In April 1917 the British began the battle for Arras. Aerial reconnaissance had become an essential on all fronts, and the British Royal Flying Corps made a maximum effort. Unfortunately, so did the German fighter squadrons. To the RFC it would be known as "Bloody April," with 245 aircraft down, 211 aircrew killed or missing, and 108 as prisoners of war. The German Air Service lost 66 aircraft from all causes.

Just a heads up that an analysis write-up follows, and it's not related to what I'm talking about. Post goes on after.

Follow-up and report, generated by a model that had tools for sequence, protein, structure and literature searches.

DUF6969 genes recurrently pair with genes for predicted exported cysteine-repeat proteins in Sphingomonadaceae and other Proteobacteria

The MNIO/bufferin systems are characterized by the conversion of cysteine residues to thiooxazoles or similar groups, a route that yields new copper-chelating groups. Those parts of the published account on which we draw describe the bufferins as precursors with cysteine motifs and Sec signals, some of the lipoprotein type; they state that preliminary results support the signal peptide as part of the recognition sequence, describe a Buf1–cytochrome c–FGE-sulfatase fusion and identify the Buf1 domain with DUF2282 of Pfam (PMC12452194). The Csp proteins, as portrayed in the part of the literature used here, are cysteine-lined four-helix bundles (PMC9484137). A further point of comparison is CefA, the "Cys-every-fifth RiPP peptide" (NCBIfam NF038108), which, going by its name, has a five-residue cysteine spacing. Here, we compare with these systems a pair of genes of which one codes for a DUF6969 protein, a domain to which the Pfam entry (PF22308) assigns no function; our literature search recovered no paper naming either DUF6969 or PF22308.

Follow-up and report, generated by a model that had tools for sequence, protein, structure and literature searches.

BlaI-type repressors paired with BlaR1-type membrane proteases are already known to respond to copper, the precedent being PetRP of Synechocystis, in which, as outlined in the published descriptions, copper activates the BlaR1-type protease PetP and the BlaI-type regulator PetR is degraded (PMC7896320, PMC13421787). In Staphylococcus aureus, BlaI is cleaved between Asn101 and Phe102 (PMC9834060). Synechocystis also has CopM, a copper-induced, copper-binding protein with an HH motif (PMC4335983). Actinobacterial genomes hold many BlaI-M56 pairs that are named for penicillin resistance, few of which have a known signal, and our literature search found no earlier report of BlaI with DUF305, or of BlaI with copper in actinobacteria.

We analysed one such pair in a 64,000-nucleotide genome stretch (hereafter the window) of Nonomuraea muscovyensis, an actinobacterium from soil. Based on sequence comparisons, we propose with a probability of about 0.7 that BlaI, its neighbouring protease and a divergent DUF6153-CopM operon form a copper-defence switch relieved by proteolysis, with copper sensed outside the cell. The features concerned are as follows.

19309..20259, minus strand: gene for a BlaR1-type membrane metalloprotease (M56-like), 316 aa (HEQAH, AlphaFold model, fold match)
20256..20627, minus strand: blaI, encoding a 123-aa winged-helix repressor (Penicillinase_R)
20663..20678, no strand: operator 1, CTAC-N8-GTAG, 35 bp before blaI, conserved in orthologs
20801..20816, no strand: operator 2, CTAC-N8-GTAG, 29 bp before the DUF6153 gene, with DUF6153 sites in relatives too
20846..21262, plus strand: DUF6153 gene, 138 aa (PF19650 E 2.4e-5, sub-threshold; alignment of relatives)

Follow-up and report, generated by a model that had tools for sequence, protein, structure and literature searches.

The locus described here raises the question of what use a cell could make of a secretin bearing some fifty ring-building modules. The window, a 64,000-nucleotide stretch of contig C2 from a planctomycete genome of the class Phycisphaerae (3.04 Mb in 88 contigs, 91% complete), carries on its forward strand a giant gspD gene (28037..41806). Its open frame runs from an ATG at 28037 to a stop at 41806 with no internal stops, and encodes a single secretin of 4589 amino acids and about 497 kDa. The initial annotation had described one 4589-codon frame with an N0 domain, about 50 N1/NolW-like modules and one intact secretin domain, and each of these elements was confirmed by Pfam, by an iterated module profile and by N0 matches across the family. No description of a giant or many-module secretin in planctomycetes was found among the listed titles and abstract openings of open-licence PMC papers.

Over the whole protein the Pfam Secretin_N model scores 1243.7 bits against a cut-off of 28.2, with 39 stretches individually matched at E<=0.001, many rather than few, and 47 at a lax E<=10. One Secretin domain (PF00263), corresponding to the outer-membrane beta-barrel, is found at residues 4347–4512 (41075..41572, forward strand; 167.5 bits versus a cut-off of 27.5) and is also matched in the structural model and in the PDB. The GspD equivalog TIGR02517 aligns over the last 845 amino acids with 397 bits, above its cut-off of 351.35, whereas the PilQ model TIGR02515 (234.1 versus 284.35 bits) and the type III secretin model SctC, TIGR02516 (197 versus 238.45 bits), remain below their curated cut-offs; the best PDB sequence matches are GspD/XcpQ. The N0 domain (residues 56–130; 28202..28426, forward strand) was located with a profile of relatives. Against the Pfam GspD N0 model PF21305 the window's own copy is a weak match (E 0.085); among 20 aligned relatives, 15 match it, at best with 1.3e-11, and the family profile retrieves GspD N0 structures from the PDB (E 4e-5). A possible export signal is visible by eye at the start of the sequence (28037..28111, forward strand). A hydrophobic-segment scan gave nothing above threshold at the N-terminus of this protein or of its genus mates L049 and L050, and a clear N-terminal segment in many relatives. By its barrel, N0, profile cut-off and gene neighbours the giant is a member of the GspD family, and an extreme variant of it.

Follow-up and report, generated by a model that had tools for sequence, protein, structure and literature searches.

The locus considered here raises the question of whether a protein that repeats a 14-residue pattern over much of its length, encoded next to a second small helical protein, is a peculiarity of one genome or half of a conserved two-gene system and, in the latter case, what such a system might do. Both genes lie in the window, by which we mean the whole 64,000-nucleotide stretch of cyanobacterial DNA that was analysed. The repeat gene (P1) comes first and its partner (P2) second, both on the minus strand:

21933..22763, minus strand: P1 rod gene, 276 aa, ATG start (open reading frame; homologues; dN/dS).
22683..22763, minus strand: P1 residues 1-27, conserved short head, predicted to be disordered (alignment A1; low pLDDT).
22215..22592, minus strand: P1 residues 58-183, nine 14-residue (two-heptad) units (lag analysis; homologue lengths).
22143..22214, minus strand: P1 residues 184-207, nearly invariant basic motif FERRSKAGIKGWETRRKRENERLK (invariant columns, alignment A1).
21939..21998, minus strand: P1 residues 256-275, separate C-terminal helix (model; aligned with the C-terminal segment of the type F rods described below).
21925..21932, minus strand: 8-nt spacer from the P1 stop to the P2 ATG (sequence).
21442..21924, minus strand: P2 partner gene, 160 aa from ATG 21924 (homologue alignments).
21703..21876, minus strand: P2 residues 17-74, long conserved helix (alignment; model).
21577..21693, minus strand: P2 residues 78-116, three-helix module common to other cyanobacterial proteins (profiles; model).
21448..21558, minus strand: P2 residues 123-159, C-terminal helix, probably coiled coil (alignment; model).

Many of the RFC losses were of the B.E.2 type. A reconnaissance airplane in service since 1914, it was designed to be very stable in flight, an asset for observation and photography. By 1917 it was totally obsolete, under-powered, and suffering poor maneuverability to escape contemporary German fighters.
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